One year later, Apple agrees to pay Ireland $15B in back taxes

Ivan Schwartz
December 6, 2017

Now it appears Apple and Ireland have agreed to cooperate, and pay $15.4 billion to the Irish government, all while however still continuing litigating the case.

Irish Finance Minister Paschal Donohoe told reporters that the Government has "now reached an agreement with Apple in relation to the principles and operation of the escrow fund".

In October, the Commission referred Ireland to the EU Court of Justice for its failure to do so.

The Commission ordered Ireland to collect back taxes for the years 2003-2014, which it estimated to be as much as €13bn plus interest.

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Apple, whose CEO Tim Cook likes to talk a big game about how the tech industry should be more socially responsible while overseeing an worldwide tax-avoidance regime that puts Scrooge McDuck's gold-filled vault/swimming pool to shame, has agreed to repay Ireland €13 billion ($20 billion) in unpaid taxes, the Wall Street Journal reported.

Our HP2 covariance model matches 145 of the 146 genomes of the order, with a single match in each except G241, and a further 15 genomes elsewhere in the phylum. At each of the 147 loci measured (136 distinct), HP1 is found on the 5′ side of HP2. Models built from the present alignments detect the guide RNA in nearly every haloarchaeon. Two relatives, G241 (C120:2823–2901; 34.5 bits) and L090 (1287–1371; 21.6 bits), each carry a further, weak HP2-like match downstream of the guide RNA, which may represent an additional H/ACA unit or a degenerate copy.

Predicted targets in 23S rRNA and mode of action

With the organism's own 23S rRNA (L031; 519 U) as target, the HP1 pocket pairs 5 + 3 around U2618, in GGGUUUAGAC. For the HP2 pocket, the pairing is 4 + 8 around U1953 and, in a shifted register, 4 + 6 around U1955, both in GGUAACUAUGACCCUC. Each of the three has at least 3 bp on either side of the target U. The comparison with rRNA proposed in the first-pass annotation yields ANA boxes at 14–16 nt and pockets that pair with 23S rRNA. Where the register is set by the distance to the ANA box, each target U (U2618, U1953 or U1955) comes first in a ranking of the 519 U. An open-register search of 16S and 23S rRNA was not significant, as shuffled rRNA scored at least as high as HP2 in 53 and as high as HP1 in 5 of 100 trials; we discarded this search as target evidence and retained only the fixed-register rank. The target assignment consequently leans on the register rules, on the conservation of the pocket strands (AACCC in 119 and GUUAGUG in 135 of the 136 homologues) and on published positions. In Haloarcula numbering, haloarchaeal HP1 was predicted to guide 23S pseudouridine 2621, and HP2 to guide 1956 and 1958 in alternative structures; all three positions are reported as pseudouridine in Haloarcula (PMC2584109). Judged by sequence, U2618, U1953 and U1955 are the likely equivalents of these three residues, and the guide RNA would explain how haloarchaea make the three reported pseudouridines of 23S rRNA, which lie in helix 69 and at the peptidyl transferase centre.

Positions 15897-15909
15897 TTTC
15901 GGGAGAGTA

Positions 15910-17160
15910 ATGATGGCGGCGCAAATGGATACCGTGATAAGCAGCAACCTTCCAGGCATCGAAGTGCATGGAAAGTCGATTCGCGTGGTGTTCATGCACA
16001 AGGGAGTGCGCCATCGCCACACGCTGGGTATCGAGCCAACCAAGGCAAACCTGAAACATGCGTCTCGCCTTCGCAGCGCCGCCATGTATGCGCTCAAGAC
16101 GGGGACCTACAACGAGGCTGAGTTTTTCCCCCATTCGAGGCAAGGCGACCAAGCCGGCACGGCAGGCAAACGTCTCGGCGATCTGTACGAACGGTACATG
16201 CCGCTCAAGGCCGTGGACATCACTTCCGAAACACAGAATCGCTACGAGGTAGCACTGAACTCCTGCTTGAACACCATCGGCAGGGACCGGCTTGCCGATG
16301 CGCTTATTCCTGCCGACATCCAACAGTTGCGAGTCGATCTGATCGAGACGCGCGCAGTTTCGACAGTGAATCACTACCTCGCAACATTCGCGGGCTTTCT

"We have a dedicated team working diligently and expeditiously with Ireland on the process the European Commission has mandated", Apple said in a statement. "Until the illegal aid is recovered, [Apple] continues to benefit from an illegal advantage, which is why recovery must happen as quickly as possible", the Commission said in a statement at the time.

Both Apple and Ireland will still appeal the ruling despite Apple agreeing to make a payment.

In September 2016, a European Commission investigation concluded that two rulings provided by the Irish Government had "substantially and artificially lowered the tax paid by Apple in Ireland since 1991". "We remain confident the General Court of the European Union will overturn the Commission's decision once it has reviewed all the evidence".

Other reports by GizPress

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